This Thursday, Bellator MMA returns to Spike TV. The card, which takes place at The Arena at Gwinnett Center in Duluth, Ga., features the first round of this season’s featherweight tournament as well as a middleweight title fight between tournament winners Alexander Shlemenko and Maiquel Falcao.
Last week Bellator MMA’s Bjorn Rebney responded via Twitter to The Guide’s predictions. As fate would have it, last week was also the week that wheels came completely off. After starting the season with a solid record, The Guide went 1-3 with only tournament favorite Will Brooks coming through. The bad news is the record takes a hit (it now stands a dismal 9-6). The good news is that the lightweight tournament will be easy to pick from here on out. Now, on to the featherweights…
Bellator MMA Middleweight Title Fight
Alexander Shlemenko vs. Maiquel Falcao
Falcao is a solid wrestler who can hit with a ton of power. That will not be enough to take out the quintessential Bellator veteran. With the exception of former champion Hector Lombard, Shlemenko has not faced very many top-20 fighters. However, he is still the clear favorite here. The Russian’s style is the model for striking in MMA. He admittedly does not like grappling or even being on the ground. When there, he does a good job avoiding danger and getting back to his feet. In the striking department, he does a good job mixing set-up strikes and full power strikes. This keeps opponents off balance and prevents them from putting together takedowns. Shlemenko should be able to ride his superior striking to a decision victory. Of course, the type of power possessed by “Big Rig” could end the fight at any time.
Featherweight Tournament Fights
Marlon Sandro vs. Akop Stepanyan
In 2012, Stepanyan went 4-0 in Russia before signing with Bellator. In his North American debut, he ran up against former IFL champion Wagnney Fabiano and failed to make it out of the first round before tapping out to an armbar. Stepanyan comes from a traditional striking background and predictably struggles on the ground. Sandro could work a similar gameplan and finish the fight on the ground. The former SRC champion is quite underrated on the ground. However, the fight will probably remain on the feet, and Sandro should still win. With the exception of the Curran fight, Sandro has only struggled against guys who want to clinch him up and take him down. Stepanyan might be able to make some noise with his impressive kicking display, but it won’t be enough. Look for Sandro to control the fight with more technical boxing and take the fight.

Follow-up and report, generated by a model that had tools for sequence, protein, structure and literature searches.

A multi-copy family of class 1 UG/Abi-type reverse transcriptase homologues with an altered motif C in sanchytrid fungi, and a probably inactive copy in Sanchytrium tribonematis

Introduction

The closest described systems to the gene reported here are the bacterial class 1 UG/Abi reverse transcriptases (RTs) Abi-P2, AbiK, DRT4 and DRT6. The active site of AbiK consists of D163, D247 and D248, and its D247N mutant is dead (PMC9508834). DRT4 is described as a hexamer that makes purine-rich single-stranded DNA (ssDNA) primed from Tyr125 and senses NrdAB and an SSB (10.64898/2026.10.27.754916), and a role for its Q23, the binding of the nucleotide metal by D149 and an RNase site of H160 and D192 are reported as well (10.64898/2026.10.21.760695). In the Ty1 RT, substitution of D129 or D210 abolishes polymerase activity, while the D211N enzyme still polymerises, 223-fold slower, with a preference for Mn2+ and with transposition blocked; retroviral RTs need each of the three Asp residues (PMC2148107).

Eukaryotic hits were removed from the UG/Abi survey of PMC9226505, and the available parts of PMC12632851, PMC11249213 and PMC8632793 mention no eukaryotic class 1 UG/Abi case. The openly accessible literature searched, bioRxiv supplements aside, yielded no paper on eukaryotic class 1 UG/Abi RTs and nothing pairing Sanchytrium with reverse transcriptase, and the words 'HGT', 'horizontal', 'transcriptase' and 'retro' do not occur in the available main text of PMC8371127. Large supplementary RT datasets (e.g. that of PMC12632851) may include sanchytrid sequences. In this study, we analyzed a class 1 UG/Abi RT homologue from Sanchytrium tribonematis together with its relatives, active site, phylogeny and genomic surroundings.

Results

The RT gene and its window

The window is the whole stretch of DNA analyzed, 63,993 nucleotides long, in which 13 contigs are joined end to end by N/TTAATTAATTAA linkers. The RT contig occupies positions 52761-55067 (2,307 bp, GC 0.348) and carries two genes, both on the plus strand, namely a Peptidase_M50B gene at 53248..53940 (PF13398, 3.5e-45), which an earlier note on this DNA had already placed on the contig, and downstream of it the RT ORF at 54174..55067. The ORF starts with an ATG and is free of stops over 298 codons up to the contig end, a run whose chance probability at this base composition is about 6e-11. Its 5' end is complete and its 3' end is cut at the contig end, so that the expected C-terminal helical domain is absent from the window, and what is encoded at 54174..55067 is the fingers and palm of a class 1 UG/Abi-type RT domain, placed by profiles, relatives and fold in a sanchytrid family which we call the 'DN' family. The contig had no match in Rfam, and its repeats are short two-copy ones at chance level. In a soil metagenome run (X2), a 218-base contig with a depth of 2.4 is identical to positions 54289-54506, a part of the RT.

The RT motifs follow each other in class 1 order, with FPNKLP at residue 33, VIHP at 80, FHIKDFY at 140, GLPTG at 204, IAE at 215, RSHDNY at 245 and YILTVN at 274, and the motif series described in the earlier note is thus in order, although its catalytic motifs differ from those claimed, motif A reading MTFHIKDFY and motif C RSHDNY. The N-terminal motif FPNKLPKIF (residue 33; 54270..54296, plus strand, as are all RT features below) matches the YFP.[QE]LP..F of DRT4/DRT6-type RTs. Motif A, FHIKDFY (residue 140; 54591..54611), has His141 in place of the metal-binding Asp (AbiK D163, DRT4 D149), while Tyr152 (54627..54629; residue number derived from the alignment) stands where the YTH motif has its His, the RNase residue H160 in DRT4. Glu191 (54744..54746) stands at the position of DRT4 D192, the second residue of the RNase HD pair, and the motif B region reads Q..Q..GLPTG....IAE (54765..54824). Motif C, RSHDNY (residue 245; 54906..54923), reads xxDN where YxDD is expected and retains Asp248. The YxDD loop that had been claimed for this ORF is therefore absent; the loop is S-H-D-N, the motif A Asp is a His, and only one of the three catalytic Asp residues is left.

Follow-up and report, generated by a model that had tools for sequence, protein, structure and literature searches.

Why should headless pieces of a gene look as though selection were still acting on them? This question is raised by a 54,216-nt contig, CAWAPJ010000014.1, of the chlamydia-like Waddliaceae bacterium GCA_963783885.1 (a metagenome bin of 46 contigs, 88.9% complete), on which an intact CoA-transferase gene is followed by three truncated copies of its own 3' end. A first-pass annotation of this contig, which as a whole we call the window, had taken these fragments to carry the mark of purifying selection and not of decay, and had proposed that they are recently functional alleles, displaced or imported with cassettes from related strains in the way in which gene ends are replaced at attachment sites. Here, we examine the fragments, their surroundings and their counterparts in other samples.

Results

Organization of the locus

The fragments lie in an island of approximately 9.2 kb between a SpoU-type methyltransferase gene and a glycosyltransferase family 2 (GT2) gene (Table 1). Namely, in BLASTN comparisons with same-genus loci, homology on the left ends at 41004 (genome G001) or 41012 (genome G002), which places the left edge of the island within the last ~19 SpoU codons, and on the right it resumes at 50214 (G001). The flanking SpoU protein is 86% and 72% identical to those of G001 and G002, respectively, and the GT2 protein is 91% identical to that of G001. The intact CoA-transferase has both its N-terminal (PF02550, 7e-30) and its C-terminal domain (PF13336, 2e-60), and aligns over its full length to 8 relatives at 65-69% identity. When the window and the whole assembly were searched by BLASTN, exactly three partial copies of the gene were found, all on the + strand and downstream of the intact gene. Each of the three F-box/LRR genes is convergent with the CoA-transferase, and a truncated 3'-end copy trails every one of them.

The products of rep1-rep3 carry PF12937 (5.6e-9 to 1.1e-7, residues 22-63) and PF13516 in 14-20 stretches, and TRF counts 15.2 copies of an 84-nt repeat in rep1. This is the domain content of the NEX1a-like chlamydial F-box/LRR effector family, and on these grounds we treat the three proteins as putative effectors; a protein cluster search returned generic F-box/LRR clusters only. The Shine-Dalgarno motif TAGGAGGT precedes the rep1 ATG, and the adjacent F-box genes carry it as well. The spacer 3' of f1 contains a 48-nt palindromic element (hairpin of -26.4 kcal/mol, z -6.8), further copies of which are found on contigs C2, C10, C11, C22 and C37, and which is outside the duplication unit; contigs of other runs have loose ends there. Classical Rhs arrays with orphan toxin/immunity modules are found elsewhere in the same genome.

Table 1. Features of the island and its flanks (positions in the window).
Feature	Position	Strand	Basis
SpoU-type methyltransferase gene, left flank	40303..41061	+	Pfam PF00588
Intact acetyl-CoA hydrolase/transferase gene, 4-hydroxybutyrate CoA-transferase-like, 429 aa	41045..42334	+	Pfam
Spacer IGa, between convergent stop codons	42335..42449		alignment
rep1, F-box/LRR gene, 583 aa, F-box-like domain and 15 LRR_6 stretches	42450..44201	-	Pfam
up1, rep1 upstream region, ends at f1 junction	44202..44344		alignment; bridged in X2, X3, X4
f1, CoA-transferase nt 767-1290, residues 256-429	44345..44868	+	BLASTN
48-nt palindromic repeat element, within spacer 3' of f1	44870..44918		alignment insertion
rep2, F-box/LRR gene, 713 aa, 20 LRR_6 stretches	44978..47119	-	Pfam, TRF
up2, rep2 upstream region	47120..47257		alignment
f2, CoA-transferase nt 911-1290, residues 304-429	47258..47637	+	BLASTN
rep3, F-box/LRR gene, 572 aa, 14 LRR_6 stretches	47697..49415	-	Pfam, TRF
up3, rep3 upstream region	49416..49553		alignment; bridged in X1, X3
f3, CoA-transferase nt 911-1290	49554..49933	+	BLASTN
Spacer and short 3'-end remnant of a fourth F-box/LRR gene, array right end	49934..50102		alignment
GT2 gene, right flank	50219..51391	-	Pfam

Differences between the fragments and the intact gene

Fabricio De Assis Costa Da Silva “Guerreiro” vs. Magomedrasul Khasbulaev
Here there are two fighters with gaudy records and highly questionable opposition. Say what you want about the local scenes in Russia and Brazil, but they certainly provide enough cans to pad a record. Even when considering inflated records, “Guerreiro” still has the better one. According to reports coming out of Brazil, his one defeat to Rafael Addario Bastos was due almost entirely to a bogus stoppage by the referee. “Guerriro” avenged his defeat one month later. Khasbulaev struggled against grapplers early in his career, but not recently. The struggles only stopped when he stopped facing decent ground guys. “Guerreiro” is an extremely well rounded fighter and should not have much trouble finishing this one on the ground.
Mitch Jackson vs. Mike Richman
Until running into Shahbulat Shamhalaev last fall, Richman was another Bellator success story. He was brought in to lose to WEC veteran Chris Horodecki and pulled the upset. “The Marine” then picked up another upset over respectable prospect Jeremy Spoon. He comes out and throws power strikes from every direction. When it works, it is devastating. Jackson has built an impressive record, but it is more accurately described as an “impressive Midwest record.” His last two fights came for a promotion owned by his gym. His opponents, Bruce Johnson and Bobby Ferrier, have a combined record of 16-60. Look for Richman to pick up another devastating knockout and prove that he deserve his nickname more than John Cena.
Alexandre Bezerra vs. Genair da Silva
Interestingly enough, both of these fighters have recent split-decision losses to Marlon Sandro. It is a very close fight. The Brazilians are both solid of the ground (Bezerra is better) and not afraid to trade on the feet. The most significant difference will come in the training department. “Popo” trains full time in the U.S. with Bellator veteran Wilson Reis. On the other hand, Da Silva is still training at Renovaco Fight Team in Brazil and has missed weight for his last two Bellator bouts. This will be a close fight that ultimately ends up going Bezerra’s way due to superior ground skill and conditioning.